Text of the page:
... i must try harder in the near future so as to switch to english as the home language ....
I appreciate the additional comments. Just to be clear, I definitely do have a relationship in Russian with him, as well as games, stories, books and music, and his nanny speaks only Russian with him. If I were his only source and I only spoke it sometimes, of course it wouldn't work. My question was about right NOW, when he's first saying numbers and letters. After his speech is more developed and I feel like he really knows his letters and numbers, I'm definitely all in Russian- I already answer him only in Russian for food, requests, etc. I just feel like numbers and letters are confusing right now and I want him to feel reinforced for learning them in English at this moment.
Personally I don't feel there's a particular advantage to learning letters/numbers 'early' vs 'late.' He's going to know how to read in the long run so what's the difference how quickly it happens? There is however a huge long-term advantage in maintaining exposure to the minority language. (Especially if you don't plan to maintain a Russian-speaking nanny through your child's teenage years.)
That said, what's wrong with encouraging the recognition of English while speaking Russian? Eg in your example above, what's wrong with
You (Russian): Where's the four?
LO (English): Four!
You (Russian): Yes, four!
He won't be confused, and he'll learn how to say 'four' in both languages.
Me, DH, DD1 (2009), DD2 (2011), and DS (2015).
I'm not crunchy. I'm evidence-based.
Vaccines save lives.
When it comes to schooling, I have my children in a French-German program. I don't really speak German and French is not my native language. So they've learned all their math in German, a language I can't really speak.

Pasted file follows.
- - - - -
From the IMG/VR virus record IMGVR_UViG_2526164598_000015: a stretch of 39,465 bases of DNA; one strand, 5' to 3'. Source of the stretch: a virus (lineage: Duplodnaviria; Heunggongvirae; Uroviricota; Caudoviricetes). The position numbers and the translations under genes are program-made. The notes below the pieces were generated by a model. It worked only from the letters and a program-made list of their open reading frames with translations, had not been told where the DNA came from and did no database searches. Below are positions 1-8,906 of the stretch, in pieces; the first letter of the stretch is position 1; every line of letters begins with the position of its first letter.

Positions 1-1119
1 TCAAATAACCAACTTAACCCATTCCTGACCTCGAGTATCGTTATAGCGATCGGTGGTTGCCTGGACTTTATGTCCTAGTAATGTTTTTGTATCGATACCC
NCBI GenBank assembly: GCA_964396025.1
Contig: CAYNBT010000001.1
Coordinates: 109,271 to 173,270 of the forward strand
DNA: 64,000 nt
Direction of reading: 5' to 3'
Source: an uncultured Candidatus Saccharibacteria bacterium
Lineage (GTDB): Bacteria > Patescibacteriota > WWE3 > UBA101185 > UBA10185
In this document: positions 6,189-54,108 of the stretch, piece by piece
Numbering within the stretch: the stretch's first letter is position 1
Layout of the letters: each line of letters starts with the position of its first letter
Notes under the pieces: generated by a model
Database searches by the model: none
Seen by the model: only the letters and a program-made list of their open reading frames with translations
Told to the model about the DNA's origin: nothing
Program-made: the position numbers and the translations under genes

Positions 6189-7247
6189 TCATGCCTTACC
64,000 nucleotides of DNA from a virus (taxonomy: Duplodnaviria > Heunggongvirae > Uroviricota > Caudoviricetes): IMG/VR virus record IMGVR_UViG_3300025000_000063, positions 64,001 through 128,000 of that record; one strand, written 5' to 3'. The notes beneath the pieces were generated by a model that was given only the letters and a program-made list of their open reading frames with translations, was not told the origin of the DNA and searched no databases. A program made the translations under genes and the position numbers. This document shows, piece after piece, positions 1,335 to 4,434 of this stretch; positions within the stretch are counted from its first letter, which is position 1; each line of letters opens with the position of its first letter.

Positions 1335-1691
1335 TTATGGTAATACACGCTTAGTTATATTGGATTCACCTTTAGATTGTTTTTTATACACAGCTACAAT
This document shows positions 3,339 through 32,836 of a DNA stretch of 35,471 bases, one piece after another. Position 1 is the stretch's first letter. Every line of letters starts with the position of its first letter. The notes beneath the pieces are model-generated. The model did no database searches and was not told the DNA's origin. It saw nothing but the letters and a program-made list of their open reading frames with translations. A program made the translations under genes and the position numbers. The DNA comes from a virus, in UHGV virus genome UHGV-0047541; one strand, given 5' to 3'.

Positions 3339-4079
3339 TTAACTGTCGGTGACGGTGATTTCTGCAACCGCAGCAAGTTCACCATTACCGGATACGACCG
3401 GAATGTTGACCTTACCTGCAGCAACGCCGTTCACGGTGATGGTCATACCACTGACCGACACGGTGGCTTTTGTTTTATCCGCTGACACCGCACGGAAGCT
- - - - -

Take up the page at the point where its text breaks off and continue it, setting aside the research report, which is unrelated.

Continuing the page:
I had absolutely no problems switching the languages when it came to school material. The only thing I had to correct was when my son said something like "Ten less seven..." since they say the word "less" for "minus". They do have an additional lesson in French so that the children are used to French terms in math for general testing. All three are strong students in math in a language neither they, nor either parent speak natively.
When one of mine has to learn a poem or random facts by heart, they repeat it to me in German or French (depending on the subject) and I give feedback in English. Yes, I've had a child reciting in German I don't understand but I can tell if they've memorized it correctly. What I can't do is correct any pronunciation errors in either language but that hasn't been a problem. If they do make a mistake there, it's easily corrected in class (and chances are they aren't the only ones).
I right now have an 8 year old who can't repeat the entire English alphabet correctly. She also only recently learned all her numbers in English. Scandalously late?!? No, because she had them down cold in both the other two languages at the "correct" age that her peers did. She was not behind. Why wasn't I concerned with the English? Because there's no time limit and I'm assured that she understands the concept since she's doing it right at school. It was simply a case of memorizing the English.
So I'm basically letting the school teach them school subjects and letting them delve into the English when they feel like it. So far it's working since my son was tested at age level in English at age 10 for a school aimed at native speakers. We opted to keep him in German instead. I do admit that their English is not completely at school age level (compared to children their age in the U.S.) but they are all fluent and accentless in it. They also have zero impact at school because of it. The teachers assure me that they are equal to their peers and my middle child is first in her class.